The Book of Shadows Question

The other day, I was going through my usual rounds in cyberspace. As I came to one of the online Paganism forums that I frequent, one message caught my eye. A relatively new forum member had made it. I remembered her introduction and noted that she was relatively new to Paganism. So I read with interest, as I always enjoy learning about what's happening with new Pagans. It seems that she was quite excited about her latest online find. She had come across a website that is offering a free "book of shadows" on CD. The only cost attached to the offer is a fee for shipping and handling.

Despite my skepticism of both anything that is advertised as free and online books of shadows, I decided to check the site out. I first looked through the information on pricing and ordering, verifying that their initial claims were accurate. I then checked the bio of the person making this offer. There was nothing too strange there, though I did note with curiosity that this person offering a free book of shadows did not explicitly identify her as a Wiccan or Pagan.

Finally, I checked the description of the CD's contents. Here I found a number of spells and rituals as well as the common tables of correspondences. For good measure, the makers of the CD threw in a lot of material on hermetic magic and the works of Aleister Crowley. As I looked through this list, a thought occurred to me. I began to wonder how helpful this "book of shadows" would be to any Pagan - especially a new one. I'm not convinced that it'd be helpful at all. Certainly, there are more effective ways to approach a book of shadows.

Let us remember that a book of shadows is primarily intended to record ones personal spiritual and magical practices. This record in effect becomes a workbook to aid the individual with one's personal spiritual growth. The term workbook implies a certain amount of writing on the part of the individual. It is this very nature of a book of shadows and its purpose that have left me with the firm conviction that one's book of shadows should be primarily written by oneself.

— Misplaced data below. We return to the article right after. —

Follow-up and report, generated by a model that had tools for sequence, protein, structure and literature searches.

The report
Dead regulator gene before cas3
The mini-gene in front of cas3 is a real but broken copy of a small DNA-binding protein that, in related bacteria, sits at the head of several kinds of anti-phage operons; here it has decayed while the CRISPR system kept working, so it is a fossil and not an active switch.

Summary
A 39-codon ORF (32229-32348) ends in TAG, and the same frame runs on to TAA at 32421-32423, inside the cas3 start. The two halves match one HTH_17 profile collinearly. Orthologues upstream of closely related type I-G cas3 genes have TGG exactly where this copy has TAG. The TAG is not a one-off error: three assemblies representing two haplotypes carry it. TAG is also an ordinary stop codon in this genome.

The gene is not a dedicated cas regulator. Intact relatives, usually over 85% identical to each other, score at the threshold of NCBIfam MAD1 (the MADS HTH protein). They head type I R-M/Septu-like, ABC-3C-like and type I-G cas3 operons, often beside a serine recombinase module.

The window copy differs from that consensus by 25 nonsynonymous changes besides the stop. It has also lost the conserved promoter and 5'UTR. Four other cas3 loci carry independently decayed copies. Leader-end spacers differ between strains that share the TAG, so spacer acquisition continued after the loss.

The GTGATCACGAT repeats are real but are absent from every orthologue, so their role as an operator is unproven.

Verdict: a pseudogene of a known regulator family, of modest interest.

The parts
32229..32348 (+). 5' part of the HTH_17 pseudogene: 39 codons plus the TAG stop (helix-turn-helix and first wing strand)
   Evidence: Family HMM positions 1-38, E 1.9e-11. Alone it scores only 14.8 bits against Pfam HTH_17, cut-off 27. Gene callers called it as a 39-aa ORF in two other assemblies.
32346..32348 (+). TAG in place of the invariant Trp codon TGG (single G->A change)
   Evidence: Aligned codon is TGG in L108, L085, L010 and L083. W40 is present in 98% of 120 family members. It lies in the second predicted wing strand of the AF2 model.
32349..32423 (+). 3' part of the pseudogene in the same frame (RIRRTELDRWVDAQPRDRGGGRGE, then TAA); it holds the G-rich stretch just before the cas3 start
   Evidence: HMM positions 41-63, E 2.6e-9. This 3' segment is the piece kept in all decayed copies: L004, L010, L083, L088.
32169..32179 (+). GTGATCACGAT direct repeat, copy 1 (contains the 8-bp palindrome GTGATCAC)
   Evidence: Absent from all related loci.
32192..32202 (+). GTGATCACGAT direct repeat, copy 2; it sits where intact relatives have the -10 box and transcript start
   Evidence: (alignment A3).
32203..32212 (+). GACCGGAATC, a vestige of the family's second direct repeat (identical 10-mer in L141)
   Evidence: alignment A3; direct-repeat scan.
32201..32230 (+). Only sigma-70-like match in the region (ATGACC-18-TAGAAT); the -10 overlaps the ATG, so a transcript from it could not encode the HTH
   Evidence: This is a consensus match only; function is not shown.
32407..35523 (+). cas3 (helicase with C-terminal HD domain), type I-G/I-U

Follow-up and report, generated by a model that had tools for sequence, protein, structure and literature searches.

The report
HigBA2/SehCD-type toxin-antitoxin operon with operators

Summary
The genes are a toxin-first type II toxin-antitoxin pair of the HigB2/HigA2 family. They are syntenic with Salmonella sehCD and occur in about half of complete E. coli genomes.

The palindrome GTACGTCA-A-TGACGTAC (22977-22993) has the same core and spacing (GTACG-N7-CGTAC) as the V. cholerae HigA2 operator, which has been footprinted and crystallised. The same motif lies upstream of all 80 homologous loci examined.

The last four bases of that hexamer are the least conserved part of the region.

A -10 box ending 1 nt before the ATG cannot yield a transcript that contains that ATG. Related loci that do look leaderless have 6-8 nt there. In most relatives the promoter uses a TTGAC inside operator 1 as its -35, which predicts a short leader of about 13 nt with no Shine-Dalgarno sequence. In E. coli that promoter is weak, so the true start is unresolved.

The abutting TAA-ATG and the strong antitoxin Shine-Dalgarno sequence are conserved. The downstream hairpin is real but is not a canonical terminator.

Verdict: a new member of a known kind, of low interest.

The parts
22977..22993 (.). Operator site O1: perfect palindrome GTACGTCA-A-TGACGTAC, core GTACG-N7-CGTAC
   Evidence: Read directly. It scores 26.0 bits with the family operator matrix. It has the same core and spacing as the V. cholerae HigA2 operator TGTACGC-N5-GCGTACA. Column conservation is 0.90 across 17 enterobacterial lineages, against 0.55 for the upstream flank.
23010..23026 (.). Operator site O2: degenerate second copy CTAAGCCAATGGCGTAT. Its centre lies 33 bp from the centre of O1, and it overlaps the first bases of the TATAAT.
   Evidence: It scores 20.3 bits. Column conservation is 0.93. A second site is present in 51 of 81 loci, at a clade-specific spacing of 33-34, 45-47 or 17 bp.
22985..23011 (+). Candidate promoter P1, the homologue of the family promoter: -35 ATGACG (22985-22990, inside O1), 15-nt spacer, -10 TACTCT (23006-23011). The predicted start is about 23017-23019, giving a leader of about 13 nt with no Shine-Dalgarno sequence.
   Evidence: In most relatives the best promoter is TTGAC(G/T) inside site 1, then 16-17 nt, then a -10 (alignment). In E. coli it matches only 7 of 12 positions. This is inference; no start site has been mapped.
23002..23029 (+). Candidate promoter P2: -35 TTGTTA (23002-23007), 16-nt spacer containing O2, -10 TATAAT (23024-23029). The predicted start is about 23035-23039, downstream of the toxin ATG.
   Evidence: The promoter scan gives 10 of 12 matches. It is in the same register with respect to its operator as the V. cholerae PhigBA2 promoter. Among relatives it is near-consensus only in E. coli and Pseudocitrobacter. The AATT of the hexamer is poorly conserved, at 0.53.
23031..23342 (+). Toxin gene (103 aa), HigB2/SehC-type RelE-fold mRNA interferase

How can another write a record of one's own spiritual and magical practice? Who can another be more qualified than oneself? The best record of these things is formed as one writes down one's own thoughts, records one's own experiences and one's impression of them, and one's reactions to the things learned. The compilation of these things will provide the individual with a tool that one can evaluate and improve one's progress as a Pagan and a magician.

This isn't to say that one cannot include material by another author in one's book own book of shadows. I know of at least one friend who has honored me by including some of my writings in hers, in fact. However, she includes these writings because they hold a personal meaning for her. This demonstrates the essential rule that any materials from an outside source should only be included if it contains a truth with which one can personally identify.

As an extension to this rule, I would suggest that one should also add a note describing why one has included the piece from another source and how that piece touches the book of shadows' owner. My friend often follows my writings with her own journal entries that were inspired by them. In this way, even material written by others becomes intensely personal within her own book of shadows.

Paganism is an intensely personal religious practice. Because of this, the book of shadows that records our personal Pagan practice must be equally personal. It is only when we use it as a medium for developing our own intensely personal practice that we can realize the true power of this tool.